Emma admits that RA has impacted an awful lot in her life but she has a very supportive partner and family and their understanding and emotional help have helped her cope better with her condition.

 

 

Emma's treatment wasn't working and her consultant suggested an anti-TNF drug; Cimzia. Emma...

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What was the name of the medication you were put on?
 
It was Salazopyrin (generic name' Sulfasalazine), single agent with some painkillers on the side.
 
Ok and how do you take those?
 
It was on increments. So I would take a certain dose for one or two weeks and then increase that dose and so on until I was at the level he needed me to be on. Side effects' really bad sickness, nauseated the whole time that I was on it. Lost quite a lot of weight. And because of my age and being a girl there’s implications for taking anti-sickness tablets so I was told by my GP. So it was kind of a grin-and-bear it sort of medication and I was still suffering the pain with that. And so when I went back to see a specialist nurse locally at the NHS hospital they introduced methotrexate and Hydroxychloroquine as a treatment dose – a combination therapy.
 
So you were on three at that point?
 
I started on Salazopyrin. When that didn’t work I went onto Hydroxychloroquine, Salazopyrin and Methotrexate with Naproxen on the side as a painkiller.
 
For how long were you on this second medication?
 
[sigh] About a year and a half.
 
And how did you feel during that time?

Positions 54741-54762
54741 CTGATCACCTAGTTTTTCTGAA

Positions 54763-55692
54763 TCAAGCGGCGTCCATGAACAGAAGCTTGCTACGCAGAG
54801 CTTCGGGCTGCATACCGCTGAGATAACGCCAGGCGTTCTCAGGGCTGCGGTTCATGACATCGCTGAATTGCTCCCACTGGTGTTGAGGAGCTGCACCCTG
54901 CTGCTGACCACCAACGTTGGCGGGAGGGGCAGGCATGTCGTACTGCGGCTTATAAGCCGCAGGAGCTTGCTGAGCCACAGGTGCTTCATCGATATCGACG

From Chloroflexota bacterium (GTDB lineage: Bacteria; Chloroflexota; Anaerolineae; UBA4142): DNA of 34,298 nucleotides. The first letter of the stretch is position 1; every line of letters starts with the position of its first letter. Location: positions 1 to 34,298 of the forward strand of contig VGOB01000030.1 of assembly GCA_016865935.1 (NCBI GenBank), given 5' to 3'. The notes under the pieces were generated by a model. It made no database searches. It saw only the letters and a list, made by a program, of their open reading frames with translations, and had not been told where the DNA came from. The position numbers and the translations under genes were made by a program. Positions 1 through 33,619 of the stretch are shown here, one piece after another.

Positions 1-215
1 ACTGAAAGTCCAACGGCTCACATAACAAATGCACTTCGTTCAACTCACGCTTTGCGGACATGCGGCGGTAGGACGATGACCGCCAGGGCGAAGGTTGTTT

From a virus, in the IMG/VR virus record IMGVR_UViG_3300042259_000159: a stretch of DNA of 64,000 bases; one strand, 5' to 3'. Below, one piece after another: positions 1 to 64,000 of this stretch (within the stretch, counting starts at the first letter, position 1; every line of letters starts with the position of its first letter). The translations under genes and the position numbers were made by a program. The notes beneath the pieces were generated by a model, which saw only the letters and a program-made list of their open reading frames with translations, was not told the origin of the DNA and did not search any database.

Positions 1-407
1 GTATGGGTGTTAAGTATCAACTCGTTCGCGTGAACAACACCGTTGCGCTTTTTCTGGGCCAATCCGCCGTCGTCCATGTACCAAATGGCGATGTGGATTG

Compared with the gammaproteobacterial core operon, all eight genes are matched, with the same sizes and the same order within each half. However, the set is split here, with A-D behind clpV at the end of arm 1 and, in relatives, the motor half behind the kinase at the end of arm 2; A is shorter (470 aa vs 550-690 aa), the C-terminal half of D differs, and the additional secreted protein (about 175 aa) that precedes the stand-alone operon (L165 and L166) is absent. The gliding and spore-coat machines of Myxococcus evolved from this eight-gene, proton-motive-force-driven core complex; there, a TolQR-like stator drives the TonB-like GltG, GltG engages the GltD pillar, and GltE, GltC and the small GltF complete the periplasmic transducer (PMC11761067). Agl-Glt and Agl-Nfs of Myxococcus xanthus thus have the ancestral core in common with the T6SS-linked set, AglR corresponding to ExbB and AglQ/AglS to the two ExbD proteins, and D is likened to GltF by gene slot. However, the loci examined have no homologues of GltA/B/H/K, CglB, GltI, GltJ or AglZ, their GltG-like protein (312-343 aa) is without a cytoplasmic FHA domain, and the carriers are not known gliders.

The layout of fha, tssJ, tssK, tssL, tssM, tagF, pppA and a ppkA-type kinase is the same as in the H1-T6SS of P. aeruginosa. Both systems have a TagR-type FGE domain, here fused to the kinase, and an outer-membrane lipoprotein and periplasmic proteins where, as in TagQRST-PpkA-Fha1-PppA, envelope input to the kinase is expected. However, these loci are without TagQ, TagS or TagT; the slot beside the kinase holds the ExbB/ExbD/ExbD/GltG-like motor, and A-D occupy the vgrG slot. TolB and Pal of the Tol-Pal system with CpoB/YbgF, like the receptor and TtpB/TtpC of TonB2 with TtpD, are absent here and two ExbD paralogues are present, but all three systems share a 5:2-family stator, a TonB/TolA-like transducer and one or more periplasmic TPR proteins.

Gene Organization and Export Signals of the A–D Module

Again nauseated because of the methotrexate. Quite a few coughs and colds over the time because obviously I’m slightly immune-suppressed. And it’s a lot of tablets to be taking at my age and it’s a lot. You know, it’s all the time. If you forget you certainly know about it. Your joints are painful the following day.
 
The, the pain was on a regular basis. It was every day. Flare ups were not very often but considering the level of the pain I had every day it was, it was. I never had a good day if that makes any sense at all. Obviously some days were worse. Some days were slightly better but it was quite a high pain I felt every day especially on waking up. That was the worst.
 
And you were taking painkillers every day?
 
Yup.
 
So how did they explain Cimzia to you?
 
I went for my first ever appointment and I had X-rays, ultrasounds, examinations on my first appointment there. Considering how long I’d been on the combination therapy including methotrexate the ball was sort of put into motion. I was explained it was a very new drug. Not many people had been offered it and it might prove slightly difficult for me to get it because it was in the trial, only trialed on sort of upper body joints and it wasn’t licensed for toes or feet at the time. So my consultant wrote a letter to the company explaining my situation, explaining my age and how I’d been on, you know, I’d given it a fair run with the combination therapy and nothing had seemed to work at present. And there was a bit of, it took quite a long time. They first came back and said, ‘no, they weren’t happy’. So he wrote again and again and again and eventually they, they authorised it and my local primary care trust (PCT) were happy to fund it. So I think that was the main problem because as it was I wasn’t in that local PCT so it was my PCT that had to fund the whole process of it. So…
 
There was a specialist nurse who dealt with Cimzia especially and she had a massive welcome pack to it. And it had the drug introduction, how it was used, had what I could expect from it. I mean the side effects from it were pages and pages of it. So she did go through it with me very accurately. I mean the
 

Emma talks about the benefits she has experienced since using Cimzia and describes the...

Emma talks about the benefits she has experienced since using Cimzia and describes the...